Equine Artist Helen Scanlon of Sound the Bugle Studio has been drawing and studying horses since she was a small child.
Growing up on a farm gave Helen many opportunities to draw horses from life. In college, she studied dressage and worked as a groom at a large dressage facility. She was able to draw extended trots, collected canters and horses "on the bit" directly from the source. One of her greatest joys was the hours spent in study of training sessions and clinics.
A Connecticut native, Helen Scanlon had her equine artwork published in an Arabian horse journal at age 13. As an undergraduate in 1990, Helen had her first gallery show with other accomplished artists, which received excellent reviews and was listed in Connecticut magazine. Sound the Bugle Studio was founded in 2003, marking the official start of Helen's career as an Equine Artist.
Helen opens her personal studio in Connecticut several times a year to sell her originals. She prides herself on capturing individual equine character as well as an image and her loose, expressive pencil drawings are popular as is her vibrant, fun watercolor and ink work. She also welcomes commission inquiries for custom portraits of horses and pets.
Helen holds a BA both in Art History and in Sociology from the University of Connecticut, with minor concentrations in drawing and design.
Helen Scanlon's work is in private collections in the United States, Canada and the UK. Her artwork has also been featured in Polo Players' Edition magazine and she is a longtime member of the internationally acclaimed Equine Art Guild.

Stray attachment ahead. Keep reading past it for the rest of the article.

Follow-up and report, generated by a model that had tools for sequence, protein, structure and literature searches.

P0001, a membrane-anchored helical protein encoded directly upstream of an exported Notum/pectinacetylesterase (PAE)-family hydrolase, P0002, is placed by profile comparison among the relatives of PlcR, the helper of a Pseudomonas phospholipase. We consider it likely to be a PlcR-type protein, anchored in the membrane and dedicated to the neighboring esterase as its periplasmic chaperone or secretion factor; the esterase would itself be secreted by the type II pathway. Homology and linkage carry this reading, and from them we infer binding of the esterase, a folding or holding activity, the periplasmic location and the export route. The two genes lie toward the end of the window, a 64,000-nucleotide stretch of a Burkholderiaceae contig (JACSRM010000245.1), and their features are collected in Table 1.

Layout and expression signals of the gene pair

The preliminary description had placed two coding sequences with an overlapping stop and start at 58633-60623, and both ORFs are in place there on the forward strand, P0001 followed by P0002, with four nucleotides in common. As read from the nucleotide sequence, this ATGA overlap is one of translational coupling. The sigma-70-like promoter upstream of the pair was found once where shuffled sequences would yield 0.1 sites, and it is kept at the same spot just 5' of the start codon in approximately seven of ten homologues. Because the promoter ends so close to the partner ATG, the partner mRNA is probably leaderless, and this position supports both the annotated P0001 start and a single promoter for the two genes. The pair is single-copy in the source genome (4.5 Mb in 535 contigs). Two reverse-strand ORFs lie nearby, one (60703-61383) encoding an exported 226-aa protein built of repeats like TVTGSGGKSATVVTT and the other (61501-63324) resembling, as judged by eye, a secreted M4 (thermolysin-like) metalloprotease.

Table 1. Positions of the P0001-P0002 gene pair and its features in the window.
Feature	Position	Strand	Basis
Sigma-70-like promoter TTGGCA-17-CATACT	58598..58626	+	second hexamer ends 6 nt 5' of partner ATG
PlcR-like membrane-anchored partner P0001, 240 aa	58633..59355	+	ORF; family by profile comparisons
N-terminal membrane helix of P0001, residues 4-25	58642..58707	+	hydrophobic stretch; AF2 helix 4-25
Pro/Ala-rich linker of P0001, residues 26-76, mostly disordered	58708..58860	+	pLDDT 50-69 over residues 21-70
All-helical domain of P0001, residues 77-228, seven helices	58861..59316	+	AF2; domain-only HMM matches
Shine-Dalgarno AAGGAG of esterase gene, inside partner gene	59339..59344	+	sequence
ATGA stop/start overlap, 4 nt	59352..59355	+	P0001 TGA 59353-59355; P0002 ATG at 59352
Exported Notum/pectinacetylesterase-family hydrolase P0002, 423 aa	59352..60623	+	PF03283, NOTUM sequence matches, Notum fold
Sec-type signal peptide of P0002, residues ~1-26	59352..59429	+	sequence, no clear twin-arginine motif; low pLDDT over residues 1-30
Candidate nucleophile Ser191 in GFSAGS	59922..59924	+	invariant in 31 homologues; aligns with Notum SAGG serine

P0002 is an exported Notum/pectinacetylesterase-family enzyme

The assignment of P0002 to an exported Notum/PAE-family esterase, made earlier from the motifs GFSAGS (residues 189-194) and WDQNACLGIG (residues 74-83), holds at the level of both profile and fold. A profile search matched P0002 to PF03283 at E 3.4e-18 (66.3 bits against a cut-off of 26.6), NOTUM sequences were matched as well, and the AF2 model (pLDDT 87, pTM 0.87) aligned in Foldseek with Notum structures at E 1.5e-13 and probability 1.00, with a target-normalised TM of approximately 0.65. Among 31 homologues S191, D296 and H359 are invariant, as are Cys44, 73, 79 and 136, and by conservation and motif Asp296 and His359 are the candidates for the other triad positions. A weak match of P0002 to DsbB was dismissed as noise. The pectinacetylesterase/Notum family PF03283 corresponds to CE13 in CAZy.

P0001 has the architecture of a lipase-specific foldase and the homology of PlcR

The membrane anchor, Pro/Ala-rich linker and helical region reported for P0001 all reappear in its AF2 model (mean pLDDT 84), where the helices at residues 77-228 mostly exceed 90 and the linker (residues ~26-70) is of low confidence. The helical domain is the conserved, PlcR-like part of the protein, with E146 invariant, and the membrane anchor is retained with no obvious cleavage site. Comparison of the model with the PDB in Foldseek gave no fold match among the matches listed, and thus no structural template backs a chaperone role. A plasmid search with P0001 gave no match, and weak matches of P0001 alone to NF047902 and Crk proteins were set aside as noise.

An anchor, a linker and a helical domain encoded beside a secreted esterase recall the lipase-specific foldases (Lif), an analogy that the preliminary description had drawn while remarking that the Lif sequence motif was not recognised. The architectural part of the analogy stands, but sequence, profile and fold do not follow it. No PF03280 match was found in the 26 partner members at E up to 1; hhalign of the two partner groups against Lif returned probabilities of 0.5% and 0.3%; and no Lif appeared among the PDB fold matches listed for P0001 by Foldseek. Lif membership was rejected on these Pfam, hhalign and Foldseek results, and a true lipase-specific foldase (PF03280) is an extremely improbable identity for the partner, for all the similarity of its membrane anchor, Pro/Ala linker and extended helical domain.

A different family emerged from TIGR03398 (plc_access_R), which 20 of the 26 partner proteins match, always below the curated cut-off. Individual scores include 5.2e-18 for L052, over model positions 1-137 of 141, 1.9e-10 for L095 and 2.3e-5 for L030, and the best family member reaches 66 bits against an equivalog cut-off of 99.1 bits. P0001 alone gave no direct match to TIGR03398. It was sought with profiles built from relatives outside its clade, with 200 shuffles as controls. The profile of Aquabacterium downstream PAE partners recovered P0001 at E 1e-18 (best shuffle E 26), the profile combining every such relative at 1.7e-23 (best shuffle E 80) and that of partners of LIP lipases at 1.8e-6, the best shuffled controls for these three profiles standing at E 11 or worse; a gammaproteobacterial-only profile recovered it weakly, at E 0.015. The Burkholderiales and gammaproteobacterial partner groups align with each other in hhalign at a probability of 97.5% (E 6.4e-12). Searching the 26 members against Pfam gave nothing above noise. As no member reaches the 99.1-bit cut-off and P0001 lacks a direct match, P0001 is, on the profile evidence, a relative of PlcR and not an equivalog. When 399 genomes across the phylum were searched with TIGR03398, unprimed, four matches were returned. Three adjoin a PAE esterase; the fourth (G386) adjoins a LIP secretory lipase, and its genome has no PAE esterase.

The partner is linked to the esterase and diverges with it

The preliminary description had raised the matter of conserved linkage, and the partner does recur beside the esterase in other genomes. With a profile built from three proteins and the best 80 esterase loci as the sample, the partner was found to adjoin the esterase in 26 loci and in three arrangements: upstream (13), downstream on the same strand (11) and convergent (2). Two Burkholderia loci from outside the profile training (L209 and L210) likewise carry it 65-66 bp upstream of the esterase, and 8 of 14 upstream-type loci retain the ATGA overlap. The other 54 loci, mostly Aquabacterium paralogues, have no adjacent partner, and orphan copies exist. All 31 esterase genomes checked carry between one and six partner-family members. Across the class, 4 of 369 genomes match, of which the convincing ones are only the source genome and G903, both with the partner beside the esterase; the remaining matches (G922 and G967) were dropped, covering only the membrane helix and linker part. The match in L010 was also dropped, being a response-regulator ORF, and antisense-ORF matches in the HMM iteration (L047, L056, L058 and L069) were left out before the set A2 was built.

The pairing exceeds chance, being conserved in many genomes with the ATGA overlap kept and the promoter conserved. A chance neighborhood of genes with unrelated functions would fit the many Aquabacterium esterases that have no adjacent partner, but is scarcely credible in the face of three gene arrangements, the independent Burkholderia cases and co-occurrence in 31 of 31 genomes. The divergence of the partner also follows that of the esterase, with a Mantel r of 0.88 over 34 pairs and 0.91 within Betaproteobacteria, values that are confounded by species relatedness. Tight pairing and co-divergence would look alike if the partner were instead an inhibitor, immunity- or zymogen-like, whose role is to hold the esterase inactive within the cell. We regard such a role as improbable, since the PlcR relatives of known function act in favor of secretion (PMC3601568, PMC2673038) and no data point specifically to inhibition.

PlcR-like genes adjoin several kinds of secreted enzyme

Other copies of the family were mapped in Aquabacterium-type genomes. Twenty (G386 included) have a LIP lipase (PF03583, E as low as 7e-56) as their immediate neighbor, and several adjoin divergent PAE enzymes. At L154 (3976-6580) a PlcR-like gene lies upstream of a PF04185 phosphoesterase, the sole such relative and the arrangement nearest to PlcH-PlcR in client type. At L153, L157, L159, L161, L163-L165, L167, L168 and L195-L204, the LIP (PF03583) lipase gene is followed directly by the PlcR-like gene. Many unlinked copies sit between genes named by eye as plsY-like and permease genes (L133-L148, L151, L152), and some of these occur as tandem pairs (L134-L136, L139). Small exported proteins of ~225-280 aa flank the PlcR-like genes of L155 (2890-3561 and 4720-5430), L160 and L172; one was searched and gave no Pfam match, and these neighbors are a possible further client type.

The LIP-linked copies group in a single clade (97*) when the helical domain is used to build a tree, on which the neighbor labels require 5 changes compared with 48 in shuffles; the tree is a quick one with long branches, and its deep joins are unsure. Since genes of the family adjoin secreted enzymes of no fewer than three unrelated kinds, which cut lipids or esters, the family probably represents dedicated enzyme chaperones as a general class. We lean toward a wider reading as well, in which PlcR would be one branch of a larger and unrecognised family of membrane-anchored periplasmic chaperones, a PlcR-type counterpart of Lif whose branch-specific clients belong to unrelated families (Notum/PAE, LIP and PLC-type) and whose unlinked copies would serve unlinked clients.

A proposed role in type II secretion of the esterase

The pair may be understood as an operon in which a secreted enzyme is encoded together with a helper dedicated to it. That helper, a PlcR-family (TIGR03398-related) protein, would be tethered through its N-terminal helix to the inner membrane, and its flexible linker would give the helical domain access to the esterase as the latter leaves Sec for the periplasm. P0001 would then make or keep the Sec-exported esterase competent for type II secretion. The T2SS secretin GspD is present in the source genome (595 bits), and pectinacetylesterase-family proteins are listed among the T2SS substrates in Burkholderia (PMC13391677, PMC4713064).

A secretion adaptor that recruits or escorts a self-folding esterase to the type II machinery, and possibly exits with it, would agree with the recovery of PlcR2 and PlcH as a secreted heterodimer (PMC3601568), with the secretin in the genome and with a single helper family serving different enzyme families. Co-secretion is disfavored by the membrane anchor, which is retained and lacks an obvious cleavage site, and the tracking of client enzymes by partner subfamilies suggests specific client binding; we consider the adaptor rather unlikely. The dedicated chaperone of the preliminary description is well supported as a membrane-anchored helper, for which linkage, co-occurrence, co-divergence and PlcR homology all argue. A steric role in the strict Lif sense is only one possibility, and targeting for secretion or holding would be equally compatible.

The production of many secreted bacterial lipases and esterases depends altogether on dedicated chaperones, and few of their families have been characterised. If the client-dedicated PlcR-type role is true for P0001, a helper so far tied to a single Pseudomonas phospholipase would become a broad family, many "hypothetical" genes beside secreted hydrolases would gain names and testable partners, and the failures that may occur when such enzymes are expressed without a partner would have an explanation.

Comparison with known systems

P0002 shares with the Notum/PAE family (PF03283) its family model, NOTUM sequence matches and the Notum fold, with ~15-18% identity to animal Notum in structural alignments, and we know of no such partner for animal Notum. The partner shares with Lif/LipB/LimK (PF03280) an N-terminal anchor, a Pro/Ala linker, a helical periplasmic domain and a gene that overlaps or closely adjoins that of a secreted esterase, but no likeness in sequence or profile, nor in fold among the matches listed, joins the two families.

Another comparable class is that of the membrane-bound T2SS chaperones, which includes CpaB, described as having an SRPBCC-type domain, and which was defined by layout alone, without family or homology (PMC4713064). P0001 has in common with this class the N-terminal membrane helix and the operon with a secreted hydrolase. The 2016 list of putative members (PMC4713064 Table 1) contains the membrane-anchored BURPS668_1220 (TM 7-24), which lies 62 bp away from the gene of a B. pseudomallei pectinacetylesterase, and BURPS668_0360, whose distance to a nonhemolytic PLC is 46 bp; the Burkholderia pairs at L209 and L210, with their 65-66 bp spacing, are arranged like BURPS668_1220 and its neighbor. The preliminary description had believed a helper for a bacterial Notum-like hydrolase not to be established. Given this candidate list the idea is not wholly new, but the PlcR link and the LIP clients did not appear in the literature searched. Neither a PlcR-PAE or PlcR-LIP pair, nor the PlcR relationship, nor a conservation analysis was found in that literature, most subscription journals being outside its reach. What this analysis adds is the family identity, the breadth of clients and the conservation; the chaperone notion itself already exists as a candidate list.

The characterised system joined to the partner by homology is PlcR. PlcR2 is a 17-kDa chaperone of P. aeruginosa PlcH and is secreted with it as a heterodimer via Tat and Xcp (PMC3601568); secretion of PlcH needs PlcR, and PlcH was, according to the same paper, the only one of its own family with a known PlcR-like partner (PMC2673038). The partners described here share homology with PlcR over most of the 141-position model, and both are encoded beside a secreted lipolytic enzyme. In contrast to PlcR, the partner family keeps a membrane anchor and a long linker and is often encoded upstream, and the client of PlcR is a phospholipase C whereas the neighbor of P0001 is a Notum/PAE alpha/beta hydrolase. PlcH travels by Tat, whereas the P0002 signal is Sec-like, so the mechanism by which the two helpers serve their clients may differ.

Keep up to date on Helen's latest works at her studio journal: http://soundthebuglestudio.blogspot.com/
The equine form is a masterpiece of art and science: beautiful, complex and intricate.
As an equine artist, I cannot simply put an image on the paper. I must somehow try to feel the fire and soul of the horse and convey it with line and texture.
Capturing the ancient nobility of the horse has long fascinated and inspired the artist. The challenge that is presented is no small one: record with art the pulse-quickening beauty and power of the equine; staying true to the complexities of their anatomy, the precision of their movement and their myriad of expressions.
The muse is ever changing: one day, a powerful stallion may appear, another day it may be a kind-faced mare. My line is quick; striking while the feeling is fresh, and leaving when the energy is imparted. I don't always stay in the lines, much like my subjects.
I don't cover up the process. You can see lines, ghosts of lines erased and re-drawn, blending and re-working: it's all there. Memory and imagination are not static and the lines reflect that. Original expressive artistic interpretation is very important to me as I strive for the connection that engages your eyes as well as your heart.
I aim to show some humble gratitude for all that the horse has given us.